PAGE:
Who are the Brazilians neo-Nazi?

In the past, neo-Nazi groups were concentrated in the southern regions of Brazil, but now there are cells spread throughout the country, according to the research carried out by the anthropologist Adriana Dias.

In general, the cells are formed by white men and women, from different income levels and ages, who have an attachment to a nostalgic past, "when the power of the white man was not threatened".

"Some groups accept browns, which serve as proof that the group is not racist but, rather, racialist. They also stay ahead of actions that will confront the police and receive violence in place of the whites”, Dias said.

The formation of neo-Nazi cells takes place in a rally: when people interested in creating a group begin to make an extrapolated communication to the society.

"They put up posters, give indications that they are active in a certain location and how they can be found”, the anthropologist explained.

The members of a neo-Nazi group usually communicate on the internet, in forums, on websites, and the dark web.

Each cell acts independently, with its members following the orders of the leaders.

“But there is evidence that some cells are communicating with each other. And, if it starts to happen, we will have a big problem because there will be a large neo-Nazi network forming in Brazil”, Dias warned.

Neo-Nazi independence is linked to the fact that each group has its own narrative, a specific hate speech.

Some cells are more active in spreading domestic terrorism or in denying the Holocaust.

Others are more religious, such as those linked to Christian Identity.

Some groups promote white supremacy, such as those inspired by the Ku Klux Klan (KKK). Others spread hate against indigenous, Jews, or homosexuals.

“Certain groups do not work with others because they act in separate spheres. Holocaust denialist groups have a more intellectual dimension than groups that want to reproduce tactics of extreme right-wing terrorism, for example”, Neto explained.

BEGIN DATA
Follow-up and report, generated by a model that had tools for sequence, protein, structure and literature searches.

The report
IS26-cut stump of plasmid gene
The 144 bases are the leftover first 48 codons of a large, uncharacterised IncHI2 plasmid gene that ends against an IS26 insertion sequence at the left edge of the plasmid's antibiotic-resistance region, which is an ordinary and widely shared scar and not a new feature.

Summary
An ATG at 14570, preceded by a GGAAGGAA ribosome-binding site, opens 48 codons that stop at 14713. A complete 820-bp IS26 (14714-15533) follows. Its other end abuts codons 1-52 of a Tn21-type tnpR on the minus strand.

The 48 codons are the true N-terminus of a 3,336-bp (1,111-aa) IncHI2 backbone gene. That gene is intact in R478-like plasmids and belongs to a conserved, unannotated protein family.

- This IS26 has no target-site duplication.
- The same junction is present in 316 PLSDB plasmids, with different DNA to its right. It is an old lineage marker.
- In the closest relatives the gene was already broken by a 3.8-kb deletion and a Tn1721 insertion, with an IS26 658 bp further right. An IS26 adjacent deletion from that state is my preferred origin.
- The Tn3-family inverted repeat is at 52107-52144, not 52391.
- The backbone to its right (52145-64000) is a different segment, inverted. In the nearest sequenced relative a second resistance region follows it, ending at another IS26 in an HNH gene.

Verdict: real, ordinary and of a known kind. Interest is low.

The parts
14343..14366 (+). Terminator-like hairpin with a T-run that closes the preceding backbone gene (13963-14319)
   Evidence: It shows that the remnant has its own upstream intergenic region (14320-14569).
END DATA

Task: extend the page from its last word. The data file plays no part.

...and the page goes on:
Neo-Nazi groups are coming out of the closet

It is precisely a group that disseminates hatred against homosexuals that has been persecuting the Brazilian activist Toni Reis, 56, president of the National LGBTI+ Alliance.

Since the invasion of the virtual meeting on 15 October, Reis has suffered several types of threats and persecutions.

In the early hours of 18 October, a neo-Nazi group sent meals via delivery to the activist's home.

Four days later, WhatsApp groups of the Alliance were invaded with messages containing swastikas.

Then, a fake profile assigned to the email adolf@hitler.com sent swearing at Reis.

A neo-Nazi attack on a WhatsApp account related to the National LGBTI+ Alliance

“We attribute these attacks to our achievements. We get most of the civil rights: getting married, adoption, gender identity, and blood donation. And all these things, for many people, are an affront”, Reis said.

“We also have a federal government today that makes extremely inhuman statements. They use homosexuality to make jokes and endorse the most aggressive speech. We came out of the closet, and the extreme right too”.